OutcomesOverview/MotivationWorkshop AgendaKeynote Speaker & Steering CommitteeContributors

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Key Recommendations

The expert group identified a series of recommendations with potential to accelerate the prudent development of metamaterials:

  1. Establish a coordinated multi-agency federal research initiative focused on technologies to scale metamaterial fabrication.
  2. Leverage existing federal facilities and experts to accelerate and enhance metamaterials manufacturing innovation.
  3. Use federal resources and partnerships to expand access to critical feedstocks, such as nanomaterials and substrates, to enable metamaterials manufacturing in practice.
  4. Beyond government, create a new cross-sector advisory group to help ensure that metamaterials technologies take hold in the U.S. manufacturing industry.
  5. Create a National Center of Excellence to coordinate U.S. efforts and secure technological leadership in metamaterials manufacturing.
Dissemination

The real value of this work comes through the dissemination of the key recommendations identified by the advanced manufacturing community represented at the workshop. The report and summary have been shared with public and private sector stakeholders. Specifically, the MForesight published A Call to Action: Manufacturing Architected Materials in the Journal of Materials Research, hosted a panel discussion at the Materials Research Society Fall Meeting, and highlighted the report in a briefing on Capitol Hill.

Report Briefing: Metamaterials Manufacturing

November 29, 2017
9:30 – 10:30 AM
Hynes, Level 2, The Hub Stage—Hall D
Materials Research Society (MRS) Fall Meeting, Boston, MA

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The event included a panel discussion with experts:

  • Julia R. Greer, California Institute of Technology
  • Clara Rivero-Baleine, Lockheed Martin
  • Chris Spadaccini, Lawrence Livermore National Laboratory
  • Lorenzo Valdevit, University of California, Irvine
  • Jim Watkins, University of Massachusetts-Amherst
Capitol Hill Briefing: Next Generation Materials for Manufacturing Competitiveness

October 3, 2018
10:30 am
2020 Rayburn House Office Building
Hosted in conjunction with the House Manufacturing Caucus Download the Slides Read the Event Summary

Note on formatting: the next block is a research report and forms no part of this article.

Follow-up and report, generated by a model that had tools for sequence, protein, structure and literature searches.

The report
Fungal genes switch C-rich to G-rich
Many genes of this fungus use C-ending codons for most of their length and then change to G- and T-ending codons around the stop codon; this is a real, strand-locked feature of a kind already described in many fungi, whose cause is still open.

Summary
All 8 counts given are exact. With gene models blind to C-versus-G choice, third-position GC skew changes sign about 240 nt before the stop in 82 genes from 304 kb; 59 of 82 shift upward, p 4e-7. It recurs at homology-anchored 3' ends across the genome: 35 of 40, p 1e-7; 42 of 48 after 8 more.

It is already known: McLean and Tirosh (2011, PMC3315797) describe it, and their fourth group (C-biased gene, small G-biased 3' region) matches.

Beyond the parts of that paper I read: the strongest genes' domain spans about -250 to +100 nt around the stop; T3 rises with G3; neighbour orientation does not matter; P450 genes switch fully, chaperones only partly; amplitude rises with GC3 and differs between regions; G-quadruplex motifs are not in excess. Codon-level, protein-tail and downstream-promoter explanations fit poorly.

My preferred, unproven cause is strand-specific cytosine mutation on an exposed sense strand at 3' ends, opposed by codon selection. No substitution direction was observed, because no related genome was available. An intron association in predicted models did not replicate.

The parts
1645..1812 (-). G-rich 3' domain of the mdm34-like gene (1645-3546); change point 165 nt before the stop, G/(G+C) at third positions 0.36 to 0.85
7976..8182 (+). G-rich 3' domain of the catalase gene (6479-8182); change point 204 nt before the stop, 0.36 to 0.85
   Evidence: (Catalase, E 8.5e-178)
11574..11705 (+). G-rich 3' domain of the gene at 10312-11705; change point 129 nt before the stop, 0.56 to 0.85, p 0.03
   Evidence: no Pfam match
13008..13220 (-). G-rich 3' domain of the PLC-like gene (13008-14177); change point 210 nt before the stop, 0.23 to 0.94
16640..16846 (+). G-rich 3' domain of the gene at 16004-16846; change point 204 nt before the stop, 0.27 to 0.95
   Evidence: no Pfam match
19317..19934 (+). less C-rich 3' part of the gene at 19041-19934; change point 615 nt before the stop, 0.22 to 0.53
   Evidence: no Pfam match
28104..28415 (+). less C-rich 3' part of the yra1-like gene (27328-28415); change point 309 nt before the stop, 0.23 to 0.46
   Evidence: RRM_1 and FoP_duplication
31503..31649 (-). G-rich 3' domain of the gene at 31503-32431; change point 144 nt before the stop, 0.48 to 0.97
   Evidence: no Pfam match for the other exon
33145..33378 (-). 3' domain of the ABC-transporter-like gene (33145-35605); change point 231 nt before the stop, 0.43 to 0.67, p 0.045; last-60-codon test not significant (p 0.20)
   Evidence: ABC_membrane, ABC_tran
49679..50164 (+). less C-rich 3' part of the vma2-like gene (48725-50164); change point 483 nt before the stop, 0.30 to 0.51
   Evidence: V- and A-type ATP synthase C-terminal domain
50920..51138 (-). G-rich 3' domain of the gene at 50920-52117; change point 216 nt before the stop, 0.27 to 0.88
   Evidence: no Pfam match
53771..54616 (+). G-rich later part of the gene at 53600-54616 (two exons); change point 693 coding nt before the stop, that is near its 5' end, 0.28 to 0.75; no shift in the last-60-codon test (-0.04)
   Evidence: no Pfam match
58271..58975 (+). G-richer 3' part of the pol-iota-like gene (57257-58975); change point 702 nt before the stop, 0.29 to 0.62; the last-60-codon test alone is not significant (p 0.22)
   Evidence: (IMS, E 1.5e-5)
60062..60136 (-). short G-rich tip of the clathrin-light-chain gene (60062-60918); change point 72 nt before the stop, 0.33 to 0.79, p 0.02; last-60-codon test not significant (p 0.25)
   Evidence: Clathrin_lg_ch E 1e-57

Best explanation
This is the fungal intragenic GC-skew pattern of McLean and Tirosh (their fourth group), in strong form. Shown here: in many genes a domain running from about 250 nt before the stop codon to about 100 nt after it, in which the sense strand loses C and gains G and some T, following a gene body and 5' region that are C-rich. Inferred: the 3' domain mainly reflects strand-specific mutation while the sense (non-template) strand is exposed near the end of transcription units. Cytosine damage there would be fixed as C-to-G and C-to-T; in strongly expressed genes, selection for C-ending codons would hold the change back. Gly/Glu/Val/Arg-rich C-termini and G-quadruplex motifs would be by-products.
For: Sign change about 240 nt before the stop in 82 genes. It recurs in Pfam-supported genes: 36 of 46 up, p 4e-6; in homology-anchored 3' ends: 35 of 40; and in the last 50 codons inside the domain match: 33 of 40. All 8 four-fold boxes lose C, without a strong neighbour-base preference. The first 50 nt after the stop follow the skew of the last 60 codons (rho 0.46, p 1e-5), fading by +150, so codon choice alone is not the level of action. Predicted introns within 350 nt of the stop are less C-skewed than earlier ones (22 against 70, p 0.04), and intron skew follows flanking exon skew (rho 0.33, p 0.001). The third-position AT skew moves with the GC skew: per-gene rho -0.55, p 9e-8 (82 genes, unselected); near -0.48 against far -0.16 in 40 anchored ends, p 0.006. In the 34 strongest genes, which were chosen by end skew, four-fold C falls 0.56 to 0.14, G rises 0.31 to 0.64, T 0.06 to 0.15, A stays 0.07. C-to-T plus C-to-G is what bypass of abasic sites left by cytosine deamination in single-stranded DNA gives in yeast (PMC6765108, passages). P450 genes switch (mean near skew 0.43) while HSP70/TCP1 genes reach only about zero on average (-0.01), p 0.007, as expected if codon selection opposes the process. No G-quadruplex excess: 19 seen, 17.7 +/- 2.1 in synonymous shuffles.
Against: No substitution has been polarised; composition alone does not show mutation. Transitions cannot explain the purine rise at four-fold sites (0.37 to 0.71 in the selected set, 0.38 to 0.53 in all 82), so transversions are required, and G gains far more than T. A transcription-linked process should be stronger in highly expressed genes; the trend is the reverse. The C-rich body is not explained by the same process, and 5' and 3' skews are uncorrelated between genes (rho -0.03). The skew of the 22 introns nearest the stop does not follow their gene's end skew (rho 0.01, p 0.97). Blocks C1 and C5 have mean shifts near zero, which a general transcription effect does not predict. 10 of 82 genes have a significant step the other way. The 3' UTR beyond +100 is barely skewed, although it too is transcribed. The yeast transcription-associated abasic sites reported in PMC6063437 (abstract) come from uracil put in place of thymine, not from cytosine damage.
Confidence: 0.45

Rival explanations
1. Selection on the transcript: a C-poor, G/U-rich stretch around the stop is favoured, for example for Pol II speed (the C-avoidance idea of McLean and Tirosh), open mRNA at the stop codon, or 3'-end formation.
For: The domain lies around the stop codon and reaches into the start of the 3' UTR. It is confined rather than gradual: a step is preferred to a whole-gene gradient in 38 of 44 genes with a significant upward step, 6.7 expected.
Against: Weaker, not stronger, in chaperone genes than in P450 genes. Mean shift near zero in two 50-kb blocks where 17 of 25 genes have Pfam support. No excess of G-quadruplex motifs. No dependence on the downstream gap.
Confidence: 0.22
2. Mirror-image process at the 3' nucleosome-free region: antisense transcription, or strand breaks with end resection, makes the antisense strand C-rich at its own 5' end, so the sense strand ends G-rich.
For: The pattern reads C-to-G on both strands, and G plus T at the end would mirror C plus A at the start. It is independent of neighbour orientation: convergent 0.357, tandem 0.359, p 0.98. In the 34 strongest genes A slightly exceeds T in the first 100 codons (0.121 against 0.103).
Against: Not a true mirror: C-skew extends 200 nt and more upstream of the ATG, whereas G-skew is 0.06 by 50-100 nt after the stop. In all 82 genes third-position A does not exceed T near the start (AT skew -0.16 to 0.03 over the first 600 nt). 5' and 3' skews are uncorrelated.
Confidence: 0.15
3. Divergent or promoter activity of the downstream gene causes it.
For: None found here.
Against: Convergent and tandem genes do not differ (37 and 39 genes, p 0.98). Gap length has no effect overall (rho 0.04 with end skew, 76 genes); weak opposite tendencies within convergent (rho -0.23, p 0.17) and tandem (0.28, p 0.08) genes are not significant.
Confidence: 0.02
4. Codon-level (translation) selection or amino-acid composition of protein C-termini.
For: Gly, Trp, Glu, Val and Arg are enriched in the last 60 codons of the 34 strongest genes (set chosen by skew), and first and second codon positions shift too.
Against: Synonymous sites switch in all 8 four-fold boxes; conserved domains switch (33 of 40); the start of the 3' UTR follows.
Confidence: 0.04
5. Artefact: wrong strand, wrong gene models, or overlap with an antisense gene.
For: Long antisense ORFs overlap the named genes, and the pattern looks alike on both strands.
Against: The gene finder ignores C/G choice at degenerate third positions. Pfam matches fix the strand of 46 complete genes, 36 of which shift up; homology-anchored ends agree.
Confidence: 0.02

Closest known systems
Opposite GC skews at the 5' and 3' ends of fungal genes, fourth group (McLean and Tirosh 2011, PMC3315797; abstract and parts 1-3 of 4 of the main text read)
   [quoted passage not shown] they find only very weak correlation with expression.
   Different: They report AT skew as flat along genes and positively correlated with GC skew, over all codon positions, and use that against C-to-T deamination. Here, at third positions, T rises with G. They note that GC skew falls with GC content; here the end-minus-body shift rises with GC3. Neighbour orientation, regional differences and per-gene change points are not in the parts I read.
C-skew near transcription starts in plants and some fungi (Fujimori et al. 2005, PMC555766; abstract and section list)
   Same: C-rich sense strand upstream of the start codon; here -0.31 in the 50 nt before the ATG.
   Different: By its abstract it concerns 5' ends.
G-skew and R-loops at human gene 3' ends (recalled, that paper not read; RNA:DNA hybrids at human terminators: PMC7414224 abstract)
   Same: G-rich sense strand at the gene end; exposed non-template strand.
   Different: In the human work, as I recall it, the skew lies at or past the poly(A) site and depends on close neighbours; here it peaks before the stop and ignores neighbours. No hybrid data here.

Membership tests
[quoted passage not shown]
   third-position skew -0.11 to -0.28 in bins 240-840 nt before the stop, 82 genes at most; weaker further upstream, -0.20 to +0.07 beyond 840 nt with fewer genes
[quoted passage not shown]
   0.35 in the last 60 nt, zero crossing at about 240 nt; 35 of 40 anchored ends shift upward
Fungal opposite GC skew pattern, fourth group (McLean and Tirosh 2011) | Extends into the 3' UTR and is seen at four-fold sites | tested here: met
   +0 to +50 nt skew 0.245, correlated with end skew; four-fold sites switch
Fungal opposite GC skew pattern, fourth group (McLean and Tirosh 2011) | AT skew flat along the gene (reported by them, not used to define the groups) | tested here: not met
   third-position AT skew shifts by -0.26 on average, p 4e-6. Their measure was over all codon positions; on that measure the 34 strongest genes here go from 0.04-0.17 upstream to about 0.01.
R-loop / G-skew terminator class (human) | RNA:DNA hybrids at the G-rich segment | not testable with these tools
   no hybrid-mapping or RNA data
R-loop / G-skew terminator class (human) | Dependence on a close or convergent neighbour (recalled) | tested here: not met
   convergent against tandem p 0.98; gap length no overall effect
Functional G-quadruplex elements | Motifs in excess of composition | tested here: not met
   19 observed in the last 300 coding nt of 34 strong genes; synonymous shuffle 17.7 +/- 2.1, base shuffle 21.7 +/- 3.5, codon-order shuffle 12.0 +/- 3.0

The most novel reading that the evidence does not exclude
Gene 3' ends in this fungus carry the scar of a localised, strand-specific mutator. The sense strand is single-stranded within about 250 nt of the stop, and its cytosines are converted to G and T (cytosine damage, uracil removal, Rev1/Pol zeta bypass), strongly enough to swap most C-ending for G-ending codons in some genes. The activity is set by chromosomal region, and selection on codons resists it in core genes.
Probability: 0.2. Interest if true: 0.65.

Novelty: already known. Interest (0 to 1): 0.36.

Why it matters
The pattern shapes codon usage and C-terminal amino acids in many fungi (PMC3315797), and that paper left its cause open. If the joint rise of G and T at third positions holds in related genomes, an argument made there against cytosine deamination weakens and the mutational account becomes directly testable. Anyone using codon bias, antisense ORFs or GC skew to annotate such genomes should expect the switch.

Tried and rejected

Manufacturing is a cornerstone of the U.S. economy and it is imperative that U.S. manufacturing remains competitive and capitalize on areas for growth and innovation. Breakthroughs in new materials technologies are a critical component of the technological advances needed to bolster next generation manufacturing in the United States. Materials technologies are involved at every step within the manufacturing process chain from novel feedstocks to shaping technologies, to advanced sensors, and ultimately, to high performing products.

Driven by insights from the U.S. advanced manufacturing community, this briefing will explore some of the most promising materials innovations that could enable the next wave of manufacturing technologies as highlighted in the recent report, Harnessing Materials Innovations to Support Next Generation Manufacturing Technologies. The briefing will highlight two promising technologies, Metamaterials and High Entropy Alloys, and explore pathways to support industrial competitiveness based on the collective voice of manufacturers, government agencies, and leading research institutions. Speakers include:

  • Sridhar Kota, Executive Director, MForesight
  • Ed Herderick, Director of Additive, Center for Design and Manufacturing Excellence, The Ohio State University
  • Chris Spadaccini, Director of the Center for Engineered Materials and Manufacturing, Lawrence Livermore National Laboratory
  • Dan Miracle, Chief Scientist (Acting), Air Force Office of Scientific Research, Air Force Research Laboratory
Cube of metallic material sitting on a hand

The products we design and the performance they are capable of is limited by the materials we have available. Metamaterials are able to greatly expand the performance and combinations of properties that materials are capable of possessing, opening up a wealth of new opportunities. These advanced materials utilize an engineered micro-structure, rather than relying on chemistry alone, to provide properties and performance not found in bulk materials. The micro-structure is an arranged repeating pattern that is designed at the micro- to nano-scale. Metamaterials can exhibit extraordinary mechanical, acoustic, optical, radio, and surface properties. These materials have the potential to greatly benefit aerospace, defense, medical instrumentation, biomedical, optics, sensing, telecommunication, robotics, and an array of other industry sectors.

Lab technician examining a silicon wafer in a clean room.The understanding of metamaterials has rapidly advanced, with modeling, simulation, design tools, and basic science providing the underlying technology to develop a wealth of designs with an array of interesting and useful properties. The technical appeal of metamaterials is unquestioned; the challenge is in creating a way of mass producing these advanced materials quickly and affordably. The U.S. has a global lead in metamaterial startups, and the federal government has invested in this technology through academia, the military, and federal labs. Many lab-scale prototypes have been created that are small, and use a slow and expensive process; scalable manufacturing is what is missing.

MForesight is partnering with Dr. Chris Spadaccini from Lawrence Livermore National Labs to lead a workshop exploring the challenges and opportunities for metamaterials manufacturing methods across the full range of metamaterials. MForesight workshops bring together experts from industry, academia, and government to develop recommendations for public and private stakeholders in the areas of research and development priorities, technology implementation challenges, and related policies. A report outlining the workshop findings and recommendations will be prepared in collaboration with the expert participants from the manufacturing community and disseminated with the goal of advancing U.S. competitiveness in metamaterials manufacturing.